We talk so much about Abstract Syntax Trees, but maybe we should talk about "abstract structure graphs"?

Say you have code like:

foo = 1;
foo += bar(foo);

In AST form, using Lisp notation:

'((:= "foo" 1)
(+= "foo" ("bar" "foo")))

In "ASG" form:

'((:= #1="foo" 1)
(+= #1# ("bar" #1#))

Where #1= and #1# mean all instances of #1# contain (via pointers) *the same* object as marked with #1=, not just an equal one.

Some pictures to clarify what I mean are attached.

1/?

Now I'm not a compiler guy, but I'm pretty sure the very next step after parsing some code into AST is turning it into "ASG" - whether represented as a graph structure directly, or by a combination of helper structures (e.g. symbol table) and dynamic state (e.g. "environments" carried by recursing functions). You need to do that in some way, to be able to correctly associate a thing (like variable, function) with all references to it in the AST.

I wonder, why not expose this abstraction to the user?

2/?

In a way, we already implicitly code in graphs, not in trees. Rules of most programming languages make it that when you write:

foo = 1; foo += bar(foo);

all three instances of "foo" are *meant to* refer to the same thing.

But then, for code transformation, we parse it into AST, and that "sameness" becomes implicit. The graph becomes unrolled into a tree, and it's hard to walk it. We need supplemental information to work with it.

But what if we let the transformer writers walk graphs instead?

3/?

Imagine a more complex case:

a = bar(foo);
b = bar(foo) + bar(baz);

In pseudo-Lisp,

((:= a (bar foo))
(:= b (+ (bar foo) (bar baz))))

What if that parsed, in memory, into a graph structure like:

((:= a #1=(#2=bar foo))
(:= b (+ #1# (#2# baz))))

(picture attached)

Would it be easier or harder to work with it?

I honestly have no answer; it's just some pondering that I had on the back of my mind for the last year or so.

4/?

The previous toot had a notation change on the diagram - function application is made explicit, and so is ordering of the edges (to compensate for PlantUML/Graphviz "optimizing" it).

But operators are functions too, so how about the same, but with all function applications explicit?

Attached is a picture of a proper graph form of the code.

I wonder, is that a more useful form to work with than AST?

I'm likely reinventing a branch of here; pointers to existing body of work appreciated.

5/?

@temporal I spent some time looking at the graph and I think can't help but think it doesn't contain enough information to recreate the original structure. Either that or I don't understand the notation.

The Lisp form is very clear though.

@loke I've not had time to investigate in depth, but the graph form looks complete to a quick glance. I might be missing something, but it looks executable, so I'd've though it equivalent.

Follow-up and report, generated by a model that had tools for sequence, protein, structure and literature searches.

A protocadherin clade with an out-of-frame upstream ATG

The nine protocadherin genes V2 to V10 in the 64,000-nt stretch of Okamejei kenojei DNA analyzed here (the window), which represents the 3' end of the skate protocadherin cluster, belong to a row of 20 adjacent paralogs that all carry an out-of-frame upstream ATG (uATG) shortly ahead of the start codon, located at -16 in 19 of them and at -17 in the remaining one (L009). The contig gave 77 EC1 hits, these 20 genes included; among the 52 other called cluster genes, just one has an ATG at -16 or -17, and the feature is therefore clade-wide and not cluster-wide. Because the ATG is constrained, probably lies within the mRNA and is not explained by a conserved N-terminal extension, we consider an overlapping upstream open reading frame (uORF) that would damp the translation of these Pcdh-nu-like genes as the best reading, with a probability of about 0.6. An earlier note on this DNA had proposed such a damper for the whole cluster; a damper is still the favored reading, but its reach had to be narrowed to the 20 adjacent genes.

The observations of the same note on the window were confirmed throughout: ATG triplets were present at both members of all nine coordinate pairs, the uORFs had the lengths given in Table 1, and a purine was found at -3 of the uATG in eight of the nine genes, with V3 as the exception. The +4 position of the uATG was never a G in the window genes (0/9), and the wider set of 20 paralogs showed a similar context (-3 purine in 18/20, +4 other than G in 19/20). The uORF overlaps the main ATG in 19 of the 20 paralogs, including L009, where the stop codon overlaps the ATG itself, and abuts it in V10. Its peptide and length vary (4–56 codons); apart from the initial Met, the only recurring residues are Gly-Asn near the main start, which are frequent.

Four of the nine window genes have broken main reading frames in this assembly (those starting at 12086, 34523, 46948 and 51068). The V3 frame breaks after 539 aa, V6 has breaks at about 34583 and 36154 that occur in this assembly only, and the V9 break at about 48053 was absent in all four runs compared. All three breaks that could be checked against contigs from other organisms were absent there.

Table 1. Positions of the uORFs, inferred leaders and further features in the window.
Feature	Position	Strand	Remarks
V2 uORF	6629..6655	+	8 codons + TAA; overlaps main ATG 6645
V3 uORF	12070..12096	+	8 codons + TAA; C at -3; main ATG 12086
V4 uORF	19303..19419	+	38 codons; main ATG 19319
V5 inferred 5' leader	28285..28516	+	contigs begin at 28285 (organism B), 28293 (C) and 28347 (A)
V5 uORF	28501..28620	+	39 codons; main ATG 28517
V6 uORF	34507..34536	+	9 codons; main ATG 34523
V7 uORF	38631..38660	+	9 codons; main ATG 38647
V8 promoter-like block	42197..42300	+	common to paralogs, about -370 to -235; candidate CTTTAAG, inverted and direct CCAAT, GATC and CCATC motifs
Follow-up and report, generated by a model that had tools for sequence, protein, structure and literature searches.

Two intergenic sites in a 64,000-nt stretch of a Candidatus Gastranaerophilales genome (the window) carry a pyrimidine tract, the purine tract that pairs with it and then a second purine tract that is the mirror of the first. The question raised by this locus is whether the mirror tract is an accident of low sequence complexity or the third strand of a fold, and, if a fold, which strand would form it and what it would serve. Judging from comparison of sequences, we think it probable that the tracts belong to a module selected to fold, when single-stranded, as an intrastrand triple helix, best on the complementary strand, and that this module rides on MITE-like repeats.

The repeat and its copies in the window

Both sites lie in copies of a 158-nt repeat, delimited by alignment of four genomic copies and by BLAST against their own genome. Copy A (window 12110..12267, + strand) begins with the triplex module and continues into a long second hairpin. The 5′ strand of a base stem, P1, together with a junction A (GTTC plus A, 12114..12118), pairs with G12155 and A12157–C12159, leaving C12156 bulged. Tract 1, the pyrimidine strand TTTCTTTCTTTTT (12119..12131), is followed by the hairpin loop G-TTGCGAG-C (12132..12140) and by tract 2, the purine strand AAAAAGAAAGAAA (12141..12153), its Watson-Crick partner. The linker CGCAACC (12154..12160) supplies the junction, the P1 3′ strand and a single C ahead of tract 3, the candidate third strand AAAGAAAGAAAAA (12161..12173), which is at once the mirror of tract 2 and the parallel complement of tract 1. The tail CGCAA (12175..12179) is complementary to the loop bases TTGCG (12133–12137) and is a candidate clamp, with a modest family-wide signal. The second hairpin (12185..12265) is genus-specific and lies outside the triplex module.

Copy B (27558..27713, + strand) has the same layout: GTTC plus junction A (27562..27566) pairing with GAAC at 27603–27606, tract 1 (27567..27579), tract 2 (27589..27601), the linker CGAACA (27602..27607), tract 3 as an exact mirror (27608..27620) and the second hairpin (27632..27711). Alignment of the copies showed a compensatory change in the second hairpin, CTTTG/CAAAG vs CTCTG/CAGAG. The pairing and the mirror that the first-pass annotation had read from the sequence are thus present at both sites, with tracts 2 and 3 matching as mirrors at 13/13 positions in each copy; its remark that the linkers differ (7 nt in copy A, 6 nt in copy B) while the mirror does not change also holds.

Interested to know what you think is missing (and hence what I might've missed).

@temporal

@ColinTheMathmo, since I have you in this thread - do you know if there exists, and/or could you help me find, a branch of mathematics that provides a language for higher-level transformations of graphs?

E.g. I have two directed graphs (or multigraphs) and want to join them together, based on some rules of how edges are formed.

Example use case here: mastodon.technology/@temporal/.

There must be a relevant body of vocabulary for this. I took a look at "graph algebra" on Wiki, but only got confused.

@loke

@temporal My knowledge is a little (well, a lot) out-of-date, but to my knowledge there is no such general language. AFAIK, when mathematicians want to do something like "Prepend digraph G to digraph H" they simply write the operation. So P(G,H) = (V,E) where V = V(G)uV(H), and E = E(G) u E(H) u D where D={(u,v) for u in V(G) and v in V(H)}

They might then invent a notation like D = V(G)->V(H), note somewhere what that means, then use it freely elsewhere.

This probably doesn't help.

@loke

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@ColinTheMathmo Thanks, this gives me some perspective.

I just stumbled upon relevant material, that just happened to be on HN's frontpage today:

valand.dev/blog/post/dont-brin

Can't decide if the article is wise or full of confusion, but it touches on some of the same things this toot thread did.

news.ycombinator.com/item?id=2

Associated HN thread, which is full of the kind of information I am interested in. Struck gold here.

@loke

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@temporal There's a lot going on in both the article and the thread ... I hope they are helping you, even if only giving you more to think about.

I'm not sure I can help further, but feel free to ask. Don't forget, if it's helpful, you can ask @Chartodon to chart this conversation.

@loke

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